Heritage and identity: Glavašev's House - Jewel of Vranjeva history

Discover the rich heritage and cultural identity of Vranjevo through the story of the House of Glavas. This architecturally significant building is a symbol of the past and identity of this area. With its classic variant of the classicist style, rich decoration and deep roots in history, the house exudes character and tells the story of the times that shaped the community. Read more about its characteristics, architectural details and role in the cultural life of Vranjevo. The House of Glavas not only preserves heritage, but also inspires a vision of the future, encouraging awareness of the importance of preserving cultural identity for generations to come.

The House of Vladimir Glavaš

The House of Vladimir Glavaš

The Glavaš family house in Vranjevo, built in the first half of the 19th century, represents one of the rare examples of a wealthier civic house from that period in Central Banat. On the same plot, there is also an auxiliary building on the regulatory line of Svetozar Marković Street. Across the street from the house in the same street, there is a Roman Catholic church.

The house is constructed in the style of a simplified version of classicism as a single-story corner building, positioned on the regulatory line of Josif Marinković and Svetozar Marković streets, extending with a narrower side. Below the central part of the building is a cellar with a semi-circular vault. On the courtyard side, there is a deep masonry porch from which the staff entered the kitchen. The eaves have a notched top, forming a trapezoidal shape. The roof is double-sloped, steep, and covered with clay roof tiles.

The main facade of the house facing Josif Marinković Street is divided by pilasters into fields of uneven width. Window openings are located in narrower fields. The main architectural ornament on the facade consists of pilasters and shallow plaster decoration with a geometric motif below the windows, rectangles with notched corners, adorned with diamonds. Horizontal lines on the facades are emphasized by a prominent mortar plinth and a attic cornice with pronounced profiling. All woodwork - doors, windows, and shutters are wooden. The windows are double, wooden, either double-leafed or single-leafed with a fine square division, muntins, and a double transom. The windows feature ornate wrought iron grilles adorned with metal flowers.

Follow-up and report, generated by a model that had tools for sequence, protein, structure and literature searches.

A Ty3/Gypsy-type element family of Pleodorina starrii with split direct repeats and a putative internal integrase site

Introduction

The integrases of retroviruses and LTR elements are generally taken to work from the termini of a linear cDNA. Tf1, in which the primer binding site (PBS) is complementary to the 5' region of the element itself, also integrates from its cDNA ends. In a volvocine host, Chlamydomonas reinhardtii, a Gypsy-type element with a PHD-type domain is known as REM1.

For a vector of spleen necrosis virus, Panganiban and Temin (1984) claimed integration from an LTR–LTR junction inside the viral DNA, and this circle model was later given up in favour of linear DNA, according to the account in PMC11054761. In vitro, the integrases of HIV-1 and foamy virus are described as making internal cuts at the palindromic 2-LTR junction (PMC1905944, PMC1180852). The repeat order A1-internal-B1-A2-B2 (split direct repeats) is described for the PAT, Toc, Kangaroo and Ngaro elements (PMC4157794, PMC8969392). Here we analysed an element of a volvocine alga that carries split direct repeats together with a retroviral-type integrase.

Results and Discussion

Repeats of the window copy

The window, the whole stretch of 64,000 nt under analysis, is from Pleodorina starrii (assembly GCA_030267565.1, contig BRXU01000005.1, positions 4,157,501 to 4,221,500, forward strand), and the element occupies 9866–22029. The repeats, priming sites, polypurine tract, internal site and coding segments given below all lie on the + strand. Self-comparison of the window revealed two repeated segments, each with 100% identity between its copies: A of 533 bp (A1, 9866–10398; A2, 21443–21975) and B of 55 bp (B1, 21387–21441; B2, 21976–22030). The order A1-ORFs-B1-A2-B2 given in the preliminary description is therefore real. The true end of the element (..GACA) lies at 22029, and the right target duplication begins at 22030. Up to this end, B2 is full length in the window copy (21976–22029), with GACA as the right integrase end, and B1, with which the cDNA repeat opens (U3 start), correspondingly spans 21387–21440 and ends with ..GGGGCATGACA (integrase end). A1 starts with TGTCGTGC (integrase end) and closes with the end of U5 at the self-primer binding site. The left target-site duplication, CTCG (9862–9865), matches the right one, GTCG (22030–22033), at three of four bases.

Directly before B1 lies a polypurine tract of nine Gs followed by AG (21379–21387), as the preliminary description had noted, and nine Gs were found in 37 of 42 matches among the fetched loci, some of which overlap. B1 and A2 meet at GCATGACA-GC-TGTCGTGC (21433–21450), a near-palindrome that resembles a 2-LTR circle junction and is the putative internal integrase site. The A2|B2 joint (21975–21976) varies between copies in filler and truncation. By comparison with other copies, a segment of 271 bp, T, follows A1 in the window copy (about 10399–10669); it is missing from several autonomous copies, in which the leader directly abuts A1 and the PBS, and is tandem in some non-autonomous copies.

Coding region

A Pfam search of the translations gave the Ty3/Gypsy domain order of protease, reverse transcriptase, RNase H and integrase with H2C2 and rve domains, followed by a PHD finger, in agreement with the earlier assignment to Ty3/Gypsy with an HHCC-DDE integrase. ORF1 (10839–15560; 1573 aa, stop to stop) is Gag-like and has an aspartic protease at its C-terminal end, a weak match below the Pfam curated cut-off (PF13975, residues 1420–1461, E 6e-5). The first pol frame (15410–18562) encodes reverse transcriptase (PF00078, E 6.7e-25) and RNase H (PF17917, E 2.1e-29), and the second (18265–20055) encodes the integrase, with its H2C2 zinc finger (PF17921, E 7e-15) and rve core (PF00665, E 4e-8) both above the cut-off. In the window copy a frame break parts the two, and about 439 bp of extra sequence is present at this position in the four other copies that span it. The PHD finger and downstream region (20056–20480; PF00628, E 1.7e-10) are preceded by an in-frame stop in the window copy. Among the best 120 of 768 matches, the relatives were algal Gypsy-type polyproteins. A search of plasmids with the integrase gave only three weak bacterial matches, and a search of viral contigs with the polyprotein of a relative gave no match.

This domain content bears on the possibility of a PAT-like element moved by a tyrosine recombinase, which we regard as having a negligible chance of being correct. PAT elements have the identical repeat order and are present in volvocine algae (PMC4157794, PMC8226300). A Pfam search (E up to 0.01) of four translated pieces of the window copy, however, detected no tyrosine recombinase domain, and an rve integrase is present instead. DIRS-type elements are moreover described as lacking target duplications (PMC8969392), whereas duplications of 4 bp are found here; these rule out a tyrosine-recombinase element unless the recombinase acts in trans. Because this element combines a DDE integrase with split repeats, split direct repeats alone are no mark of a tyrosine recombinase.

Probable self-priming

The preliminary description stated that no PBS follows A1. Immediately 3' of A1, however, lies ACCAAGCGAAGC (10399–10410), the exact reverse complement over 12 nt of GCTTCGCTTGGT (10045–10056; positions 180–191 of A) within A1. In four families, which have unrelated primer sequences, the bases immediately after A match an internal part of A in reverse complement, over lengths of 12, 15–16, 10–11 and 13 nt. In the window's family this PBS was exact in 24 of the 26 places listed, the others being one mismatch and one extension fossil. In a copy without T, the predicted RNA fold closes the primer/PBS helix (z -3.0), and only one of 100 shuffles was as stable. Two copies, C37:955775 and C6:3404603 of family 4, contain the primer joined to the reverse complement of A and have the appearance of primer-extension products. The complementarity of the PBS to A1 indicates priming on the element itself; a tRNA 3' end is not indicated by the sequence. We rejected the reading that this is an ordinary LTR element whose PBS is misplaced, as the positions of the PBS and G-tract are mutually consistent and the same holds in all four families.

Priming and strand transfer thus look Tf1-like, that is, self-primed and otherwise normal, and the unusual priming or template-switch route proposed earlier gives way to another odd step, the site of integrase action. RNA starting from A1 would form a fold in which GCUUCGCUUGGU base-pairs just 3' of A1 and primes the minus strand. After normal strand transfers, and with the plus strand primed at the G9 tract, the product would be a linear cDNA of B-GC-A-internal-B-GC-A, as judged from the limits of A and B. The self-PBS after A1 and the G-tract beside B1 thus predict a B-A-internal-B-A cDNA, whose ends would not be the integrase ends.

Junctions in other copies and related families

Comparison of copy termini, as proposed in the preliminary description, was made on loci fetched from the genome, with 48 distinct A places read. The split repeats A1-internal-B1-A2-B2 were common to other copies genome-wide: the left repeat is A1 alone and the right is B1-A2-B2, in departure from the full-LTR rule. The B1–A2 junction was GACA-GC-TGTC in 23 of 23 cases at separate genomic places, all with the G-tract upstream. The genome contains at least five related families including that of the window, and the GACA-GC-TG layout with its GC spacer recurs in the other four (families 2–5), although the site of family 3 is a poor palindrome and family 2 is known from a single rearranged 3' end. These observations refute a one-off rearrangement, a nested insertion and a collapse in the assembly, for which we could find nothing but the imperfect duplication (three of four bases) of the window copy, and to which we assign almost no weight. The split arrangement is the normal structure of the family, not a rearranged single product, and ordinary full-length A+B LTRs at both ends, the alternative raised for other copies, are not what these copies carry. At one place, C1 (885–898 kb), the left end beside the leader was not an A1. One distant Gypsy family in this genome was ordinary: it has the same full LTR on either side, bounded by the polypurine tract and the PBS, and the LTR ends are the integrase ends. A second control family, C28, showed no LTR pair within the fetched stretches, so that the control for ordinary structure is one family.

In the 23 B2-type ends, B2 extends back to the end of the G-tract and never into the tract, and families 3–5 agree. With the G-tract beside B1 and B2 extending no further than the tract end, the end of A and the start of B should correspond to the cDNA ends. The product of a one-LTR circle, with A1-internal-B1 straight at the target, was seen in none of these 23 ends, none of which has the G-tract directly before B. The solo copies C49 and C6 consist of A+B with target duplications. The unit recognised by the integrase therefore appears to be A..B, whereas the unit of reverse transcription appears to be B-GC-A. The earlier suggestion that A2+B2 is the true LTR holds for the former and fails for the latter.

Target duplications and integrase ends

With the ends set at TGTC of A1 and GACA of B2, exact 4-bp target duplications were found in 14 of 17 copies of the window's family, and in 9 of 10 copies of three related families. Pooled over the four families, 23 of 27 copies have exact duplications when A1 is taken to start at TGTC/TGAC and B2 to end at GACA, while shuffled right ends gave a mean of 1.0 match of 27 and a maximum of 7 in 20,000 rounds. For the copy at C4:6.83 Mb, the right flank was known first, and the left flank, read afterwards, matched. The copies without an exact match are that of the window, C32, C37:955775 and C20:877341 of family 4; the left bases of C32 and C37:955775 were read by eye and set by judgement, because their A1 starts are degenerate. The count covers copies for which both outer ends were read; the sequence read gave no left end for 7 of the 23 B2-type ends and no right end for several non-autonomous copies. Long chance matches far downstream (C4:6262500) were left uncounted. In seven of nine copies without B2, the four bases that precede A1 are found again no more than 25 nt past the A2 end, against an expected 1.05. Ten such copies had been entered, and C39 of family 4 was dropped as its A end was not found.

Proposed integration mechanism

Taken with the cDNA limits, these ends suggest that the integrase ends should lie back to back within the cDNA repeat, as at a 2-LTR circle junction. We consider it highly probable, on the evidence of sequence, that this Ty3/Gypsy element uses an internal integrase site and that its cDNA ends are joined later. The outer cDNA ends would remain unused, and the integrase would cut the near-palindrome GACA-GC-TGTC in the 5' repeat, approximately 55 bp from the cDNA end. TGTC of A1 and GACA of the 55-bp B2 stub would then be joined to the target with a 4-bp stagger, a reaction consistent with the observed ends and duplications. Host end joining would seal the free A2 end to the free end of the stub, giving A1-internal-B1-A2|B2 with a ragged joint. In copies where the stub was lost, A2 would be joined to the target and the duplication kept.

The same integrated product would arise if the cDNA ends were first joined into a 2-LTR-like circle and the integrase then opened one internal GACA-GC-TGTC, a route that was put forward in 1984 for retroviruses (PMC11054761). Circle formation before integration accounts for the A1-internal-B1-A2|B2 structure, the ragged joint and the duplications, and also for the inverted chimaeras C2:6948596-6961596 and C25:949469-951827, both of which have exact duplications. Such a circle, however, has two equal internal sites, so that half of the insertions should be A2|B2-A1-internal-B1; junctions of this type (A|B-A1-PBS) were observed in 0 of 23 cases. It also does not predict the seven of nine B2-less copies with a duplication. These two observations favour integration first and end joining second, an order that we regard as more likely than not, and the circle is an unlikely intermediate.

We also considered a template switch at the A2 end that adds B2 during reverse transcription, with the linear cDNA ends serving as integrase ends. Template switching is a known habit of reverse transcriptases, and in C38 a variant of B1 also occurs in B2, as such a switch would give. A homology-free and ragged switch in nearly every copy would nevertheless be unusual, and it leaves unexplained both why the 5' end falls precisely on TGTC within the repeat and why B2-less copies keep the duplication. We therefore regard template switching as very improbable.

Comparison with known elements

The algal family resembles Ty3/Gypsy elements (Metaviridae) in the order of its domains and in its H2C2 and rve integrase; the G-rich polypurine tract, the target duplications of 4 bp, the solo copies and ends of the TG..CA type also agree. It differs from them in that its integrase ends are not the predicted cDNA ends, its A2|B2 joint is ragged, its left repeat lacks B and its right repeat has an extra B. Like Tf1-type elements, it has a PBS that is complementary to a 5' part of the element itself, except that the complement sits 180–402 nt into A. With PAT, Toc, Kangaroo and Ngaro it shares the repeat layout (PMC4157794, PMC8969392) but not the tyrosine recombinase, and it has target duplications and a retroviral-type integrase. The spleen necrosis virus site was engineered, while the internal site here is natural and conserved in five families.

On the left side of the main facade, there is a large carriage-pedestrian gate, three-winged, solid, wooden, shaped from horizontally placed planks. The main staircase area is located at the end of the right wall of the carriage passage (ajnfort) and is raised eight steps from ground level with a wooden tread. The stairs lead to a small porch paved with brick in the shape of a cube. On the same wall of the carriage passage are the cellar doors.

To the left of the ajnfort, next to the wooden stairs (lotri) leading to the attic, is a masonry outhouse. In the backyard behind the house, masonry auxiliary rooms were used to accommodate carriage horses, tools, and the stay of the staff. The staff entered the courtyard through a single-wing pedestrian gate at the end of the side facade on Svetozar Marković Street.

A marble plaque with the inscription is placed on the main facade of the house: "Here was born Dr. Vladimir Glavaš, a great philanthropist 1834-1909."

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